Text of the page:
Internet Society statement regarding the TPP

The following statement was issued by ISOC:

Internet Society Expresses Concern over Impact of Intellectual
Property Rights Provisions in Trans-Pacific Partnership Agreement
(TPP) Draft

18 November 2013

The Internet Society is concerned that the global Internet may be harmed if countries adopt Intellectual Property Rights (IPR) provisions contained in the recently leaked Trans-Pacific Partnership Agreement (TPP) draft. We do not believe that these provisions are consistent with basic principles of transparency, due process, accountability, proportionality and the rule of law.

The leaked TPP Agreement is a complex set of rights and principles related to IPR and we believe that the current draft reflects a disproportionate balance of rights in favor of intellectual property owners. In addition to other issues, these provisions could also have important consequences for online privacy, a critical dimension in light of heightened awareness worldwide about the importance of protecting the privacy and security of end-users.

In particular, with respect to intermediary liability, some of the articles appear to assign new levels of responsibility to private entities and create an environment where content will be subject to extensive filtering. Some draft provisions would impose an unparalleled set of conditions on intermediaries that would allow them to escape liability and could ultimately lead to content blocking and affect legitimate speech and online expression.

Such measures are neither new nor original; they have appeared in similar forms in other national or international contexts. On the whole, these measures have proven to be inefficient or unworkable. They have failed to adequately address the stated problems or to provide sufficient answers to the existing challenges.

The Internet Society has advocated for intellectual property discussions to adhere to minimum standards of process and substance.  In June 2013, we released a paper in which we called on the international community to apply standards such as transparency, due process, accountability and compliance to the rule of law to all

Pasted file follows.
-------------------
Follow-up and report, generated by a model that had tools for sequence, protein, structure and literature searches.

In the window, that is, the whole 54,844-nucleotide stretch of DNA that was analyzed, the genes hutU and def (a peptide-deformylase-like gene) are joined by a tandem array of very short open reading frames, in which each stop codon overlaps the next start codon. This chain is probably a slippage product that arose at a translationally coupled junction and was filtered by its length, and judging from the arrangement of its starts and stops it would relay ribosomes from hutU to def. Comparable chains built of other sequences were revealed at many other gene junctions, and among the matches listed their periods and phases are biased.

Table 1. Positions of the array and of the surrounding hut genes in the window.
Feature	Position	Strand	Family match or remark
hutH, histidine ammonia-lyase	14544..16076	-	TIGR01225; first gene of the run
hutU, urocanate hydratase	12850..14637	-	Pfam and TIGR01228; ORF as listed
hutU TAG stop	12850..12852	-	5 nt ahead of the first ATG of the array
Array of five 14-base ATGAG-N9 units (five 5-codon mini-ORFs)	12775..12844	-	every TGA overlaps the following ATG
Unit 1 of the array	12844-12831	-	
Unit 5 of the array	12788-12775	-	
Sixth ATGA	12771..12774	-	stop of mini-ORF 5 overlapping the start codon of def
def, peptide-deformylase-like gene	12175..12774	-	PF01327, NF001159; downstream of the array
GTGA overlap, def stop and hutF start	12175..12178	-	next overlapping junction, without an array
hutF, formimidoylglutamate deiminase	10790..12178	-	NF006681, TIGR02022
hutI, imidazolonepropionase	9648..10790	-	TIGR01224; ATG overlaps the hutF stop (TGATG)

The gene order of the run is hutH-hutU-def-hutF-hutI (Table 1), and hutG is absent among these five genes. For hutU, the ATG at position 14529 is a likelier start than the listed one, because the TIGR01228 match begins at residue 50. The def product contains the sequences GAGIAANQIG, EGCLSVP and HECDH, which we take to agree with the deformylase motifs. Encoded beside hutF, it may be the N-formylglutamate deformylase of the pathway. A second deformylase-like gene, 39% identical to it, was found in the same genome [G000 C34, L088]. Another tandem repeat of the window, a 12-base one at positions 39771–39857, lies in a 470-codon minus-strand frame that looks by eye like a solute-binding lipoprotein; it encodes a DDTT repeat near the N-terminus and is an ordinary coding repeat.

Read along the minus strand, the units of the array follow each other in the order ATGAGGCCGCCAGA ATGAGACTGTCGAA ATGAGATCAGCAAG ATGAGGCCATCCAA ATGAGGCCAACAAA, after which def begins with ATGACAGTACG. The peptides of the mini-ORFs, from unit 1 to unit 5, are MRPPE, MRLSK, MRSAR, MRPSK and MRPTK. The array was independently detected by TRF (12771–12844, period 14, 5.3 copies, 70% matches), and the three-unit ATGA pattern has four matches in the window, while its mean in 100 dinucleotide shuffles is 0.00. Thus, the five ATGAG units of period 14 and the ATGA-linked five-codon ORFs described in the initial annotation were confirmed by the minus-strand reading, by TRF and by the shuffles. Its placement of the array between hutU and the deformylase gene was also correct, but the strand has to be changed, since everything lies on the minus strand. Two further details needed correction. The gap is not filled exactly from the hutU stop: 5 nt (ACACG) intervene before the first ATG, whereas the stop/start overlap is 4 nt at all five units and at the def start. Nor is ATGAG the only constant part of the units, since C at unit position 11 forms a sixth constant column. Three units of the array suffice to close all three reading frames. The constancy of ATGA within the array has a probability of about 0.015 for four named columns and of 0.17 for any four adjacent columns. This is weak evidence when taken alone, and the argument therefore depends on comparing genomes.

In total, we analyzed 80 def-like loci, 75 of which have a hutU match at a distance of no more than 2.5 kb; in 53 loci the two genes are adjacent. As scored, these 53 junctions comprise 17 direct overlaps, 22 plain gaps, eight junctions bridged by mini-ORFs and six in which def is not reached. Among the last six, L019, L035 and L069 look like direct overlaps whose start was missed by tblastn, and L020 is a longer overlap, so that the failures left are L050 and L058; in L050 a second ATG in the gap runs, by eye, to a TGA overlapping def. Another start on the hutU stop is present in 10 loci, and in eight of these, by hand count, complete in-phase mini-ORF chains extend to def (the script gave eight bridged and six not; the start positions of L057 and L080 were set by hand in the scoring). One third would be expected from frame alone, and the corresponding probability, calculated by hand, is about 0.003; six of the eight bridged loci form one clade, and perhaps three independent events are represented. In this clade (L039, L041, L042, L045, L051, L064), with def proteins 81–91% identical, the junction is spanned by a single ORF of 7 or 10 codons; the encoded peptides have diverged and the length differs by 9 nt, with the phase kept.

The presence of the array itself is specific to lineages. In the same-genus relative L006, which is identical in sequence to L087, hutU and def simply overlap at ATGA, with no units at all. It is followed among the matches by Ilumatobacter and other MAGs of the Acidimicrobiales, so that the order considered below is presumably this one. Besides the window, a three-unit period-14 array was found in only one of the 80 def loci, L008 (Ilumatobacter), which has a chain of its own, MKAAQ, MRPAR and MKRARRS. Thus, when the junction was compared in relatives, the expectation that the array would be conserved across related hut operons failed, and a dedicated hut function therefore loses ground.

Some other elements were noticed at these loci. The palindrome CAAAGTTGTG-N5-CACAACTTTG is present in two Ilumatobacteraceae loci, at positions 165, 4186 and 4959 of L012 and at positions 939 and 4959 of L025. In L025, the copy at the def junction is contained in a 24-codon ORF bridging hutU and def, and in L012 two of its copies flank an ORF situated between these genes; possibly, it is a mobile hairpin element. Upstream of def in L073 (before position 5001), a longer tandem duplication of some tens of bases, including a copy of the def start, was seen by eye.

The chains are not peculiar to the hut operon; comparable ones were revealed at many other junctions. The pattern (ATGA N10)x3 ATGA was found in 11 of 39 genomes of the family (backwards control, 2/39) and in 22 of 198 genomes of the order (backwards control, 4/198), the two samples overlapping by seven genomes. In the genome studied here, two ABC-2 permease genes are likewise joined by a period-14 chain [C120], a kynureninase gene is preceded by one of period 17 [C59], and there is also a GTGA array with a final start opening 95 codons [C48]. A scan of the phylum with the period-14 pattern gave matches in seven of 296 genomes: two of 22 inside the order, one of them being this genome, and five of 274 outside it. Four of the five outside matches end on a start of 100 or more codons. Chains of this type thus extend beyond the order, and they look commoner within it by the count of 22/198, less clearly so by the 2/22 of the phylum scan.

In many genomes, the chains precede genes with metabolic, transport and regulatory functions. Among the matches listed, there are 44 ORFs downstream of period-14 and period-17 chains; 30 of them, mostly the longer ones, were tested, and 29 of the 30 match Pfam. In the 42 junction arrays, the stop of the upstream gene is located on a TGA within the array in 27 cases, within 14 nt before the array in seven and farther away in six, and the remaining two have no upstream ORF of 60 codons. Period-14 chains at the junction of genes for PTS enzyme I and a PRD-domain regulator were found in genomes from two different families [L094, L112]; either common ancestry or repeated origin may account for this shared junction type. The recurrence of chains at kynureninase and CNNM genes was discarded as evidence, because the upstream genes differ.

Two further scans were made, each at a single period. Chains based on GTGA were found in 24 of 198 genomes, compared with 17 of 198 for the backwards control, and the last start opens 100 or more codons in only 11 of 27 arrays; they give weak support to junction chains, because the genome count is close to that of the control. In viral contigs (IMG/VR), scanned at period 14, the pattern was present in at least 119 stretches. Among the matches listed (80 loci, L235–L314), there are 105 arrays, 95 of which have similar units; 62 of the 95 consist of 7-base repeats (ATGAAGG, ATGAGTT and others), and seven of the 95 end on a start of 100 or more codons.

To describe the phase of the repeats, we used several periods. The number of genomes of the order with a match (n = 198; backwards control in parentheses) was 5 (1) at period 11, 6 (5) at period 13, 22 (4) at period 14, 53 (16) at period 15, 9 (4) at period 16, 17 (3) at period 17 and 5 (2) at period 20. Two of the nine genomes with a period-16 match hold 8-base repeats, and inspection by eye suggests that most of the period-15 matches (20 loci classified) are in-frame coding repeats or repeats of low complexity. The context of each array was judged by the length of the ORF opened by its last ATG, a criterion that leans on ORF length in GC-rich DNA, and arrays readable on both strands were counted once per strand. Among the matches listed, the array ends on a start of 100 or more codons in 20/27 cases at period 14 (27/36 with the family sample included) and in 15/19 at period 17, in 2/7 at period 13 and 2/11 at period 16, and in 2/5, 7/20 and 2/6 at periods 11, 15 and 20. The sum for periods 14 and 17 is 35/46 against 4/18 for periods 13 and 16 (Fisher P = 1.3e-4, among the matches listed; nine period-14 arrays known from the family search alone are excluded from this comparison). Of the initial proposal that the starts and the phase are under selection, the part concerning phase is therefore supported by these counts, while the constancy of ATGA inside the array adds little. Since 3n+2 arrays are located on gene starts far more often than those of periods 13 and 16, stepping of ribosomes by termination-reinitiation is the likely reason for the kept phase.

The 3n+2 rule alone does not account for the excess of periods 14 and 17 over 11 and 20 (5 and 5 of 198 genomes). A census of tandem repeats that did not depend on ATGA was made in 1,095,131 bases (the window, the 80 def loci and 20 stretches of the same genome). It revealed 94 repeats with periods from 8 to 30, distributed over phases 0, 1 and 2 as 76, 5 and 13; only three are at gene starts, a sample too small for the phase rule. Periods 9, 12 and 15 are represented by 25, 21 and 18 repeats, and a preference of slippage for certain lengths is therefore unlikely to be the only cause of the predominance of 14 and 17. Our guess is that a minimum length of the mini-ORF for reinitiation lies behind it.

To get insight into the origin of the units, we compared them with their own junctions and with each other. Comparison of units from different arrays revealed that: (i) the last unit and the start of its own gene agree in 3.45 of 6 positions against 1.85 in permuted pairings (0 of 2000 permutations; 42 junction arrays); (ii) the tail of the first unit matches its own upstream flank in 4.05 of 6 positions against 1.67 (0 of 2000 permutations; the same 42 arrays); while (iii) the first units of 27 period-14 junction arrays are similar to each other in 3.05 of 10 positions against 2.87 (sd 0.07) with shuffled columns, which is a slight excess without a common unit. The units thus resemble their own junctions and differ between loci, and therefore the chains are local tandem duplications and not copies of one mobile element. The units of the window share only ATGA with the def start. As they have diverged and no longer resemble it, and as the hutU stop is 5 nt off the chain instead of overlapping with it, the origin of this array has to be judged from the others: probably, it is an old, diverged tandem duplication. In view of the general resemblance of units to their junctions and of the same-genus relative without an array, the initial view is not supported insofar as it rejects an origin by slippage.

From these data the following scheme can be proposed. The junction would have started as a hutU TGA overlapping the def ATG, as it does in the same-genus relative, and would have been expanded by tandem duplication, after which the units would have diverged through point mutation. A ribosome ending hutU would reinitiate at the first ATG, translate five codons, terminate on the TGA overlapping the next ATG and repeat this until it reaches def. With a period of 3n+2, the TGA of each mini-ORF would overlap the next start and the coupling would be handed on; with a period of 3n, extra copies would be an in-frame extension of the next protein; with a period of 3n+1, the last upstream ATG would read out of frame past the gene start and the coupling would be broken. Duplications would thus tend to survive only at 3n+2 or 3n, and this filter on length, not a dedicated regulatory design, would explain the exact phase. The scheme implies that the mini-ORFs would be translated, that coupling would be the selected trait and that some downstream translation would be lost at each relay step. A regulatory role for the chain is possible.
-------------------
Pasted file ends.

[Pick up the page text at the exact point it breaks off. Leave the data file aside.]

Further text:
intellectual property discussions that relate to the Internet. Similarly, we have been vocal in advancing these principles in various for a, including the World Intellectual Property Organization (WIPO), the Internet Governance Forum (IGF) and the Organization for Economic Co-Operation and Development (OECD).

We also joined other organizations1 in a statement made in 2012, urging the negotiators of the TPP “to make [the] process more transparent and inclusive, following the multi-stakeholder model, at least for those chapters of the agreement pertaining to the Internet.”

Throughout this process, the Internet Society has taken the position of not commenting on substantive issues based on leaked texts. At the time, we understood that the leaked texts provided only a snapshot of
the issues while many provisions were omitted.

The most recent leak, released by Wikileaks, appears to be the complete draft of the TPP’s Intellectual Property chapter and has made us reconsider our position.

That we feel compelled to comment on leaked versions of the TPP demonstrates that these basic process standards have been ignored. In an era where the global economy depends on information and networks,
we believe that discussions that affect the Internet and its users should reflect these basic principles of transparency and openness.

Once again, the Internet Society calls upon the TPP negotiators to abide by standards of transparency as they complete this critical international agreement that will impact Internet users worldwide. We also urge the negotiating parties to reconsider the TPP’s intellectual property provisions and to ensure they don’t have a negative impact on
innovation, creativity, prosperity and market participation.

1 The Electronic Frontier Foundation (EFF), InternetNZ, Knowledge Ecology International (KEI), Open Media, Global Voices Advocacy and the International Federation of Libraries and Archives (IFLA).


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